Playing with their coffee, instead of drinking it, Japanese latte artists Kazuki Yamamoto and Kohei Matsuno, are creating some cool, yet very ephemeral art. In the samples above, I’m especially fond of The Scream, Einstein, and of course the special 3D Latte Kitty which I referred to in my previous post about bridges.
On an NPR affiliate’s website, Maria Godov discusses the foam “masterpieces” and how the artists have carved a niche not only in their coffee cups, but in the art world, despite the fact that their art is ephemeral and lasts only minutes before it dissolves or is sipped away. Design philosopher Leonard Koren explained that to the Japanese “many things are beautiful precisely because they are short-lived and fragile.”
Indeed, there’s a huge place in this world for ephemeral art. Because it’s short-lived there’s a sense of immediacy and urgency when it comes to viewing it. Paintings hung in art galleries on permanent display just can’t duplicate that feeling.
Artist Christo and his wife, the late Jeanne-Claude, treasured ephemeral art and brought their visions to the masses with their wrappings of public buildings and spaces. I had the opportunity to enjoy their work, The Gates, in Central Park, New York.
A series of strategically placed saffron-colored fabric stanchions, The Gates was on display for only a few weeks in February 2005. But it proved how the sum of an ephemeral work of art was more than equal to its parts. Some New Yorkers were initially upset that The Gates was being staged in their beloved Central Park, possibly marring it and scarring it (and I guess them) for life. Before it opened, it was hailed as Mayor Bloomberg’s folly.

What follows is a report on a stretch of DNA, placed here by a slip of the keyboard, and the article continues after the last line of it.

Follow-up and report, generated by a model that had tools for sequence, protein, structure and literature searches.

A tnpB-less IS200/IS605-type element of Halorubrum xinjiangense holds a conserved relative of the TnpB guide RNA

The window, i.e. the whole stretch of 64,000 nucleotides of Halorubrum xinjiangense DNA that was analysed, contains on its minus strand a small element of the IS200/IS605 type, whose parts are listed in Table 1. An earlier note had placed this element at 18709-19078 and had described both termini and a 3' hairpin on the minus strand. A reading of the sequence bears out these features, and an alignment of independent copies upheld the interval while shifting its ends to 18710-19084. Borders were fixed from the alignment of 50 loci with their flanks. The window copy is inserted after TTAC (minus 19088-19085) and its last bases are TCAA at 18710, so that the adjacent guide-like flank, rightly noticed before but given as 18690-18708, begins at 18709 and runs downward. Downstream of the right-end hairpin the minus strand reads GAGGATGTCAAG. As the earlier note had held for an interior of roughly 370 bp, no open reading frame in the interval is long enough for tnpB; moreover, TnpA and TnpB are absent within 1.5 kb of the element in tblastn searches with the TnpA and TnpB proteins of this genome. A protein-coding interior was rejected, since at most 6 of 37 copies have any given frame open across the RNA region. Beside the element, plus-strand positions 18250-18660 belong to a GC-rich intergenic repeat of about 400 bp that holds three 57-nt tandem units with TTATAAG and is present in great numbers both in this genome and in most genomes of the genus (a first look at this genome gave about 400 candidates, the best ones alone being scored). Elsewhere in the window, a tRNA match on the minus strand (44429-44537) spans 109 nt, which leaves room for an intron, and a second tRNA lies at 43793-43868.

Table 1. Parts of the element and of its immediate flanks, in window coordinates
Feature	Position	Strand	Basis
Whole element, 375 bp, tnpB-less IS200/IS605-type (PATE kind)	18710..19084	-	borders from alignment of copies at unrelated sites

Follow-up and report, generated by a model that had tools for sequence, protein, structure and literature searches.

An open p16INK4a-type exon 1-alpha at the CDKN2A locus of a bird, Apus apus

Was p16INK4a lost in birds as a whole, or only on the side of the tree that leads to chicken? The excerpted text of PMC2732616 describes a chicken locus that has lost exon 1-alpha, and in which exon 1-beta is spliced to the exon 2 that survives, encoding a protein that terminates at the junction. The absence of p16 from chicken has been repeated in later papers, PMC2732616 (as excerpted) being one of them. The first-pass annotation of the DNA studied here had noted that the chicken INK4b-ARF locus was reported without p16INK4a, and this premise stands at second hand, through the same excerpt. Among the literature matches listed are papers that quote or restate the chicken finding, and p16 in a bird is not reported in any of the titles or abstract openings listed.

But then it did open, and people did go. In fact they flocked to it. I went twice. Yes, it was only a series of orange curtains, but it was much more too. The curtains had a welcoming effect, like a red carpet was being rolled out for the entire public, not just a privileged few. This was art created for all of us to enjoy. No admission fee necessary. The Gates brought beauty to an otherwise drab and gray winter landscape. It was fun. People had a good time talking to strangers, listening to street musicians, just reveling in the moment. New York enjoyed millions of dollars from tourists like myself. It was a win for everyone.
My all-time favorite ephemeral art work is sandcastles on the beach. In summers at Coast Guard Beach on Cape Cod, I love watching friends, families, adults and kids sitting in the sand, carefully pooling their water, and creating art that will be washed away in a matter of hours. Sometimes the work is very simple, just pails of wet sand turned upside down. You know this is most likely the work of a playful child. Sometimes the works are elaborate and beautiful. But be the castles simple or fancy, there’s something very soul satisfying about sandcastles to both the creators and the audience.
Because I don’t have any artistic talent, skills, or ambitions, I’m not going to go out and buy paint or a canvas. But even I’m not afraid to give ephemeral art a whirl.
As I stated in my blog profile, I dabble a little bit in the culinary arts as a home chef. I like to cook, but can’t decorate a cake to save my life. But when I came across a photo and recipe on a cooking chat board about a colorful Rainbow Ribbon Jell-O Mold, I decided to give it a whirl. I’ve made the Jell-O mold for numerous occasions and it’s always been met with ooohs, ahhs and raves. People love taking pictures of it and hate to cut it and “destroy” it. I laugh when that happens.
That’s the joy of ephemeral art, it can be seen, loved and its loss mourned, all in one moment.